When it reopened, it began experiencing growing pains. Thomas Jefferson had previously recommended that the college leave its confining single building in the city and relocate to a place it could spread out. Ironically, in the Summer of 1826 (the year that Thomas Jefferson died), the trustees explored "Barbara Hill" (today known simply as The Hill) as a potential site and relocated there by 1828.[7] In 1840, the college was elevated to East Tennessee University (ETU). The school's status as a religiously non-affiliated institution of higher learning was unusual for the period of time in which it was chartered, and the school is generally recognized as the oldest such establishment of its kind west of the Appalachian Divide.[8] Civil War and reconstruction East Tennessee was considered to be a bastion of Union sympathies throughout the American Civil War, although the University and the city of Knoxville were fairly divided for the duration of the conflict. As the threat of armed conflict between Union and Confederate forces loomed over the city of Knoxville, UT was forced to close its doors to students at the onset of the Siege of Knoxville and the campus's main buildings were requisitioned as hospitals and barracks. The school and its grounds suffered severe damage not only from the Battle of Fort Sanders, but also from its unfortunate position between Union artillery based at Fort Sanders, situated immediately to the north of the 40-acre (160,000 m2) campus, and Fort Dickerson to the south, overlooking the school from a bluff rising above the southern bank of the Tennessee River.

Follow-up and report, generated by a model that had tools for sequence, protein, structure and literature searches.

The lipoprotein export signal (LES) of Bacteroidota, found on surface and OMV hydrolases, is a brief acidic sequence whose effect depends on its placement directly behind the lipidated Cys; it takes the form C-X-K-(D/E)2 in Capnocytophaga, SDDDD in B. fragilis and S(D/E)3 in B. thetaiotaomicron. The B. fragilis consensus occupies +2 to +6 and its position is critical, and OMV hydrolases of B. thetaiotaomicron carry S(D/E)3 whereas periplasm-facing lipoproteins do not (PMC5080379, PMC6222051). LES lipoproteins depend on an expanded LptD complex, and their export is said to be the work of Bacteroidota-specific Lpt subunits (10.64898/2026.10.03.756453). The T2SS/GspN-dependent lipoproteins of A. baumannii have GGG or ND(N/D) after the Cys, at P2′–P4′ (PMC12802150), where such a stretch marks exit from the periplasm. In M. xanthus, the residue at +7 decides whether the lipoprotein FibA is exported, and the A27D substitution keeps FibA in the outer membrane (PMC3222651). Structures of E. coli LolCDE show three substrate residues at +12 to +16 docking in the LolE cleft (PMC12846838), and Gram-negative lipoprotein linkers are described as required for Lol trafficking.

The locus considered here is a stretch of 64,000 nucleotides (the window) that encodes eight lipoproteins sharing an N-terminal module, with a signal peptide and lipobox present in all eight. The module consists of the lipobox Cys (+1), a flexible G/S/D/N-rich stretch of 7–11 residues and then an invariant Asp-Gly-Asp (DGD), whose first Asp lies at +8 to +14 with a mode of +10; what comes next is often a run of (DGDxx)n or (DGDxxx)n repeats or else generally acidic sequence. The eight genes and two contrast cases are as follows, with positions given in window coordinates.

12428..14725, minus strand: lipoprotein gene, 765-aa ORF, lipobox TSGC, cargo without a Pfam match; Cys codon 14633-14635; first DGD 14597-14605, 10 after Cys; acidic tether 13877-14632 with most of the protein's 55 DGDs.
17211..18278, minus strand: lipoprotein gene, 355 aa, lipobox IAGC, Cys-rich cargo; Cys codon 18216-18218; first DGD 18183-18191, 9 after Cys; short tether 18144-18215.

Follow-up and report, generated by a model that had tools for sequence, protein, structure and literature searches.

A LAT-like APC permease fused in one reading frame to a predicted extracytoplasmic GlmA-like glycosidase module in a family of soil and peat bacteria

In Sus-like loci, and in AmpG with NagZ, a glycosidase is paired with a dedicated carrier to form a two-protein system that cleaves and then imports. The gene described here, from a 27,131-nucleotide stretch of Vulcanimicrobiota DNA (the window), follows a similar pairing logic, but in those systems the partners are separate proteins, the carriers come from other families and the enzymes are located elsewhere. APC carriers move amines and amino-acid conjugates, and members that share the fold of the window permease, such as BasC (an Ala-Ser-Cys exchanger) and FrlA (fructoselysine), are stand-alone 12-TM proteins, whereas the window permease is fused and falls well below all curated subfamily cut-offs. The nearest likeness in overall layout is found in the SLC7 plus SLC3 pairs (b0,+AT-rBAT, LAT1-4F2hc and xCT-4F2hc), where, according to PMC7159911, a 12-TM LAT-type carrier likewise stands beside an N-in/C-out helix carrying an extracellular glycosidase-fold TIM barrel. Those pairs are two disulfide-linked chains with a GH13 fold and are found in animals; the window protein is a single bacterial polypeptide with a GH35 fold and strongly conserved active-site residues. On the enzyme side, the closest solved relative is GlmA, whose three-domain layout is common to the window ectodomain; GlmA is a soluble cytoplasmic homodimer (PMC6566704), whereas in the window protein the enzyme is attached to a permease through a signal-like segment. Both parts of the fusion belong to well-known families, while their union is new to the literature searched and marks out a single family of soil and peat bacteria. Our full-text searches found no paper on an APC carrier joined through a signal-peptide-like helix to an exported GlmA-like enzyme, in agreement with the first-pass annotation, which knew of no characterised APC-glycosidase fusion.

Tennessee was a member of the Confederacy in 1862 when the Morrill Act was passed, providing for endowment funds from the sale of federal land to state agricultural colleges. On February 28, 1867, Congress passed a special Act making the State of Tennessee eligible to participate in the Morrill Act of 1862 program. In January 1869, ETU was designated as Tennessee's recipient of the Land-Grant designation and funds. In accepting the funds, the University would focus upon instructing students in military, agricultural, and mechanical subjects. ETU eventually received $396,000 as its endowment under the program. Trustees soon approved the establishment of a medical program under the auspices of the Nashville School of Medicine and added advanced degree programs. 

College Specialty


Our primary mission is to move forward the frontiers of human knowledge and enrich and elevate the citizens of the state of Tennessee, the nation, and the world. As the preeminent research-based, land-grant university in the state, UT embodies the spirit of excellence in teaching, research, scholarship, creative activity, outreach, and engagement attained by the nations finest public research institutions.